Doctors, midwives, or nurses add these five factors together to calculate the Apgar score. Scores obtainable are between 10 and 0, with 10 being the highest possible score.

The Situation the third call, we get it around Dec 19th. Our social worker checks in and asks if John's trial is definitely over. I confirm that John is flying home right now. She explains that there is a birthmother in Georgia who is due on Dec 22th. The past medical history is pretty clean except for ongoing smoking. Who cares?!! There is some pysch history related to a traumatic event in the birthmother's history but considering the circumstances I would have a psych history if I had this trauma.
The birthfather is not in the picture, which is taking a chance.

She's open to a gay couple...all she wants is a loving family. So we tell our social worker.... let's go for it! Meaning let's move forward..and get more info!!

The Calls..or the "Situations" after about one month, we got our first call about a "situation" from our social worker. This call is what adoptive parents are expecting and dreading because you're being presented about situations that one may or may not be able to handle.

First call...Situation- Baby boy was born Nov 22nd, healthy baby, big boy , born 10 lbs! Currently in foster care. Birthmother is already back at work! She works in a warehouse driving a forklift! Hearty woman. The one red flag is evidence of substance abuse found in the baby meconium. Actually this hardly fazes us. Based on literature, discussions with pediatricians, sustained alcohol binge drinking is much worse than occasional cocaine use, LSD, speed, pot, etc. Essentially, if the birthmother drinks ..forget it. We would've considered the situation but "J" had a trial in NYC. This happens about once a year . So its bad timing. Our social worker warned that once these situations come up , we would have to drop everything..and fly/drive out to the birthmother. In this case, she lived in Kentucky, and "J" couldn't do it. I could ! But obviously , both of us have to make the trip. So we passed....

Second call ,about 5 days later. I remember this distinctly because I was sick as a dog with the FLU! We get the call about a situation that has so many red flags. Sketchy medical, psych history, birth father in jail, birthmother's jail history ..there were too many we passed.

Then we get a third call...

Tuesday, December 28, 2010

the Wait ..then the Calls!

"The wait" adoption language, is the time period after the home study when the portfolios or albums and the birthletters are submitted. You wait for the approval from the agency or in our case, the social worker. Then your profile becomes "live"..some adoptive parents call it "paper pregnant". I really don't care for that term.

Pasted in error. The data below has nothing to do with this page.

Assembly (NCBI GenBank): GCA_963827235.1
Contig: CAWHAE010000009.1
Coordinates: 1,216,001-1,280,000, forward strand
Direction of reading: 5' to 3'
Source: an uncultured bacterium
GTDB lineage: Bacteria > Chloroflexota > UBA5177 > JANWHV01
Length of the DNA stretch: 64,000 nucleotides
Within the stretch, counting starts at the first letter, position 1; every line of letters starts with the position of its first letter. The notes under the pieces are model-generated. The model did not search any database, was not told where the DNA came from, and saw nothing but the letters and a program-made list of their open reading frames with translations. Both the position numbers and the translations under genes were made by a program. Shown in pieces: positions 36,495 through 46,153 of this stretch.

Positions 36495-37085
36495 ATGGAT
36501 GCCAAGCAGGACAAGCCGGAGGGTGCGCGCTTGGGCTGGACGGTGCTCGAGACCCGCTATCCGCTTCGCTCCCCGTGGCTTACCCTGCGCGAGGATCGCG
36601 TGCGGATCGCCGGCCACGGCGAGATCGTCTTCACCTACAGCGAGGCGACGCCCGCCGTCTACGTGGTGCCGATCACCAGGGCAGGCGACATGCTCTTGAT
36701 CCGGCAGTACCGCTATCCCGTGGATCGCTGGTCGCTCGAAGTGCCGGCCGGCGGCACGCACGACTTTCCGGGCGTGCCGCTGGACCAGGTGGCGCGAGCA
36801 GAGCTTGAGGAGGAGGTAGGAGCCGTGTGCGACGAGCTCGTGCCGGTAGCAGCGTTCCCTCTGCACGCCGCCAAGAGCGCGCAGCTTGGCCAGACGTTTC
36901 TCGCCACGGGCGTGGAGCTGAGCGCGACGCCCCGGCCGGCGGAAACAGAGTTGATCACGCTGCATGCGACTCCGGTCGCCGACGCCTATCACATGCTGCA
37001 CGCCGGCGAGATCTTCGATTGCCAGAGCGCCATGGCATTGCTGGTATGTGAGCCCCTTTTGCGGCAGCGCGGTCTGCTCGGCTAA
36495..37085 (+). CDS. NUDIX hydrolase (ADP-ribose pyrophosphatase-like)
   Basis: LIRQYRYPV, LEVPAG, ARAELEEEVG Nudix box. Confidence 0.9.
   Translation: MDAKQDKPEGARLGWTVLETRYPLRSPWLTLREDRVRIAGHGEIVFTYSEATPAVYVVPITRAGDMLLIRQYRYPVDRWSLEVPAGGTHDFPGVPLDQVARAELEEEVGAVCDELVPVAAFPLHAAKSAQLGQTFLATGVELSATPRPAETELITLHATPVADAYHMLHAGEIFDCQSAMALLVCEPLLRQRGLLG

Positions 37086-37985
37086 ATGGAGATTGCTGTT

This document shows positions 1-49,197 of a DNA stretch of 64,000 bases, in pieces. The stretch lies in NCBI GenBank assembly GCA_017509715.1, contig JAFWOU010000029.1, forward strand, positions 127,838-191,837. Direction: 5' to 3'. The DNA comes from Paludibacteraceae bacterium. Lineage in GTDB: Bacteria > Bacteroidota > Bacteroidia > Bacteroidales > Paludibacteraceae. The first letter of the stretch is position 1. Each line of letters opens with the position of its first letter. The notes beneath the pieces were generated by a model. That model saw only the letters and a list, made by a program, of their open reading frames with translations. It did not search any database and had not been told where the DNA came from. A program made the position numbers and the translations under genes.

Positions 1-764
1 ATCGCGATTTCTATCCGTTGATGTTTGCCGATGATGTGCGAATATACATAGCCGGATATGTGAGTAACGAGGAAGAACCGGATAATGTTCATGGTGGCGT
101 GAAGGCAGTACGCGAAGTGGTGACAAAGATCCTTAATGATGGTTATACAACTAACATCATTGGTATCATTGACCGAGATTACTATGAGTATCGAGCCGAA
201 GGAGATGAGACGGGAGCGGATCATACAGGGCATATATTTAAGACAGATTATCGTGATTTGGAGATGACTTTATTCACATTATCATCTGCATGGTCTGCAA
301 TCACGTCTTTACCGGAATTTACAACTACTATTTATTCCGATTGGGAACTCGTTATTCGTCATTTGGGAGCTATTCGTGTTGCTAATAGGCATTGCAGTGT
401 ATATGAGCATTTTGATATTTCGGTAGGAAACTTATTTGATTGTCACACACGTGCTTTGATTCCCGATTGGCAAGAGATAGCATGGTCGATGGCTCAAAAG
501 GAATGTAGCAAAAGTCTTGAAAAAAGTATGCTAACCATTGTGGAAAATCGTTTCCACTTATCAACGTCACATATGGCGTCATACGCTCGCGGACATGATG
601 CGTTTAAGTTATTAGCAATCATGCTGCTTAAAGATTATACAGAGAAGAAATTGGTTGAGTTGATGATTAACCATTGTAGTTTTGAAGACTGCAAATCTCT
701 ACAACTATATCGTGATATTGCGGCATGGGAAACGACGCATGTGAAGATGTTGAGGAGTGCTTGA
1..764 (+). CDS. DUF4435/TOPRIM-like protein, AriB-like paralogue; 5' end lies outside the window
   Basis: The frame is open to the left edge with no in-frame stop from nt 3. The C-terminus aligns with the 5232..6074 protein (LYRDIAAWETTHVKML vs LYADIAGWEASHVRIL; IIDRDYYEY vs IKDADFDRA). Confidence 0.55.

The wait could be very short or it could stretch out to years. The wait is determined whenever you are matched with a birthparent or when a birthparent picks your profile. The waiting period is likethe calm before the storm. You literally don't hear anything during the wait. You can call your social worker but you don't want to appear needy.

So when we entered the waiting period, I knew I had to tell my boss at work. My boss and other supervisors were very supportive and I could see the excitement in their faces. That's one of things I like about my work. Its a small practice, and generally it's very supportive of life events, illnesses, family matters, etc.

During this wait..I started trolling through adoption blogs ..specifically blogs from parents who are waiting. I read the success stories , the long waits and awful bogus sham matches. That's domestic adoption. The timeline is up in the air.

So after waiting for approximately one month. We received a series of three calls or situations from our social worker.....

Saturday, December 25, 2010

After the Home Study....

To be honest ..I haven't caught up on " real time" adoption updates...I'm trying to fill in the blanks on the adoption process, so I can look back and reflect on this tumultuous journey.

So ..going back again.... After completing the home study, we had to make up a photo album, an adoption portfolio about us as a couple. There are websites geared to this , sort of like scrapbooking on the internet. There's Picaboo, Shutterfly, and even companies that will design an adoption portfolio .

I choose Picaboo, the program was very user friendly and I took to the task like a person obsessed. I spent two weeks obsessing about every picture, caption, design element, wondering if I was marketing it for the perspective birthparent ,or was I just designing it for my personal tastes?

So after doing the initial design of the photo album, I had "J" critique and add it his two cents. Let's just say it got tense and argumentative. I spent two weeks on this album and "J" just tore it up with his 'red marker". I was expecting it. "J" is a lawyer and that what he does for a living, analyzing , critiquing everything.

Anyways, another week of back and forth editing ..and it was completed!